PArt 14 Play­ing a piece

This month Char­lie Grif­fiths ex­tends his read­ing mu­sic se­ries, be­gin­ning with a full piece that will test your skills not only in play­ing the right notes but also chang­ing key!

Guitar Techniques - - LESSON: ROCKSCHOOL -

The first thing to note about this piece is the use of mul­ti­ple key sig­na­tures. the key sig­na­ture is shown at the be­gin­ning of the stave in the form of sharp or flat sym­bols placed on the stave. The sharps and flats de­noted at the be­gin­ning of the line are obeyed for the re­main­der of the piece un­less oth­er­wise in­di­cated. the ab­sence of any sharps or flats at the be­gin­ning of a piece means that it’s in the key of C ma­jor or A mi­nor; the only two keys which do not con­tain sharps or flats. This piece in fact starts in the key of C and re­mains so for the en­tire first line. Upon reach­ing the sec­ond line you will see the in­tro­duc­tion of one sharp sym­bol placed on the ‘F’ line and fur­ther­more the third line has two sharps, the fourth line has three sharps and the fi­nal line has four sharps; put sim­ply, the piece changes key at the be­gin­ning of each line. Your job is to trans­late the num­ber sharps shown in the key into some­thing mean­ing­ful and use­ful for read­ing the mu­sic. For this we need to re­mind our­selves of the ‘cy­cle of fifths’ as this re­lates di­rectly to ‘sharp keys’.

As we have seen, the key of C ma­jor has no sharps, but adding a sharp puts us in the key of G, which is a 5th above C. two sharps takes us up a fur­ther 5th to the key of D and so on un­til the max­i­mum amount of seven sharps is reached. those seven dif­fer­ent keys are C G D A e B F# C# with a sharp be­ing added each time. With prac­tice you will au­to­mat­i­cally see two sharps and think ‘key of D’, or im­me­di­ately equate four sharps to the ‘key of e’.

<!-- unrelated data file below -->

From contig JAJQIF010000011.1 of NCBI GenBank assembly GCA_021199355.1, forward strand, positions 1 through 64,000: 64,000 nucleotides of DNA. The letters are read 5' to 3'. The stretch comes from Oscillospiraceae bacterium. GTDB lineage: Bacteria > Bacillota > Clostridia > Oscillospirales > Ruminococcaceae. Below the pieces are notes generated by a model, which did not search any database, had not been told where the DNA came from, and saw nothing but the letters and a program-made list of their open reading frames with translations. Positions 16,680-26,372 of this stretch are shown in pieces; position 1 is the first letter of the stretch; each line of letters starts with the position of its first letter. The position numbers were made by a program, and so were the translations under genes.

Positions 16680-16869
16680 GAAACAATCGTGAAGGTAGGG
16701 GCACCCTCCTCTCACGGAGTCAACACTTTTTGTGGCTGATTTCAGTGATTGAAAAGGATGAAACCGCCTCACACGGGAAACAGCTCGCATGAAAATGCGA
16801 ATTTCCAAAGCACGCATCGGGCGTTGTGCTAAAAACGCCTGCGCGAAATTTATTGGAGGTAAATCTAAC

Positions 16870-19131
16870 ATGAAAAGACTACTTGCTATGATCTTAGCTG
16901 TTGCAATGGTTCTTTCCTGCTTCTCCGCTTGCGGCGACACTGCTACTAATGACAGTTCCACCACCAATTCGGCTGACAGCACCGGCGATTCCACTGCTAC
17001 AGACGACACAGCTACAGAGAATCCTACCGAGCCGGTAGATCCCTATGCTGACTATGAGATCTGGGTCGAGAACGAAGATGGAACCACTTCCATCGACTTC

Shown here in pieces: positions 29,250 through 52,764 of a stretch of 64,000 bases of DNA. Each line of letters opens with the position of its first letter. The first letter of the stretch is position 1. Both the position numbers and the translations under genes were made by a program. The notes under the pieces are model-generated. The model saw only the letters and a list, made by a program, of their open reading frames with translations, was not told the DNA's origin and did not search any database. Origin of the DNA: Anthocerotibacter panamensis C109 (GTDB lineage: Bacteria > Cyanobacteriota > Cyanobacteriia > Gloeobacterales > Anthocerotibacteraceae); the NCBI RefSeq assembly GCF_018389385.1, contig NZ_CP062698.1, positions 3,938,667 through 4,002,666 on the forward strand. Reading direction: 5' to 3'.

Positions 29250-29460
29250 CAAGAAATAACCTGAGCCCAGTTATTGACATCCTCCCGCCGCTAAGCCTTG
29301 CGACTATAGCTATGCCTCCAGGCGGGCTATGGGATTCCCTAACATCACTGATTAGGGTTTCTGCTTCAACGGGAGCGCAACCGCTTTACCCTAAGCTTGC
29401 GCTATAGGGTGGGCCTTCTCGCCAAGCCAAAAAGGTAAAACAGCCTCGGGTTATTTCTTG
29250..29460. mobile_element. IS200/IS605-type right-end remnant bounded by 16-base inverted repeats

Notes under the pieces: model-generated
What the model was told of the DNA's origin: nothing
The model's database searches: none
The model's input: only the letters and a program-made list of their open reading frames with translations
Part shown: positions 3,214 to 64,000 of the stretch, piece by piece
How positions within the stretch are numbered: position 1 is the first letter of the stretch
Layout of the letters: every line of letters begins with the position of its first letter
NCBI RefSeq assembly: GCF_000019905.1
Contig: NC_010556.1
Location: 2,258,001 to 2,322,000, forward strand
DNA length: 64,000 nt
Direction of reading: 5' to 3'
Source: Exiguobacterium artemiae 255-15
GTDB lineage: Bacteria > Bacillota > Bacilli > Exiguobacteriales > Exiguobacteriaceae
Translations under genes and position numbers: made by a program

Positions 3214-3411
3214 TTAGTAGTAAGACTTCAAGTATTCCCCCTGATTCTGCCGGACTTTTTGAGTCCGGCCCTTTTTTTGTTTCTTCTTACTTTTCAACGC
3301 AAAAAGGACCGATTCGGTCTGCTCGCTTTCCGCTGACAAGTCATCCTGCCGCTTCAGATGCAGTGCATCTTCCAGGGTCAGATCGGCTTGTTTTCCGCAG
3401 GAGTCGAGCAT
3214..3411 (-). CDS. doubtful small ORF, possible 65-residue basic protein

rhyth­mi­cally, this piece re­vis­its four dif­fer­ent sub­di­vi­sions: the first bar has four quar­ter-notes, which are played at ex­actly the same rate as the tempo of the piece. Fol­low­ing this there are eighth-notes, which go by at twice the rate of quar­ter-notes and then 16th-notes which are twice the speed of eighth-notes. Fi­nally we have eighth-note triplets, which are played at a rate of three notes per beat.

Once you are able to play the right notes at the right time, you can safely move on to the next level of de­tail - the or­na­men­ta­tions and dy­nam­ics. In this piece the notes are given a more ex­pres­sive el­e­ment us­ing: ‘vi­brato’, which is a quick suc­ces­sion of puls­ing bends added to the note; ‘trills’, which are a quick suc­ces­sion of ham­mer-ons and pull-offs and; ‘grace notes’, which are very quick notes pre­ced­ing a longer note.

Fi­nally we have dy­namic mark­ings, which tell you how loud, quiet or in­tense the part should be played. through­out the piece there is ‘mf’, ‘p,’ ‘f’ which stand for mezzo forte (mod­er­ately loud), pi­ano (qui­etly) and forte (loudly) as well as a crescendo which is a grad­ual in­crease in vol­ume.

Once you are able to play the right note at the right time, you can safely move on to the next level of de­tail or­na­ments and dy­nam­ics.

Can you nav­i­gate all the key changes in this month’s piece?

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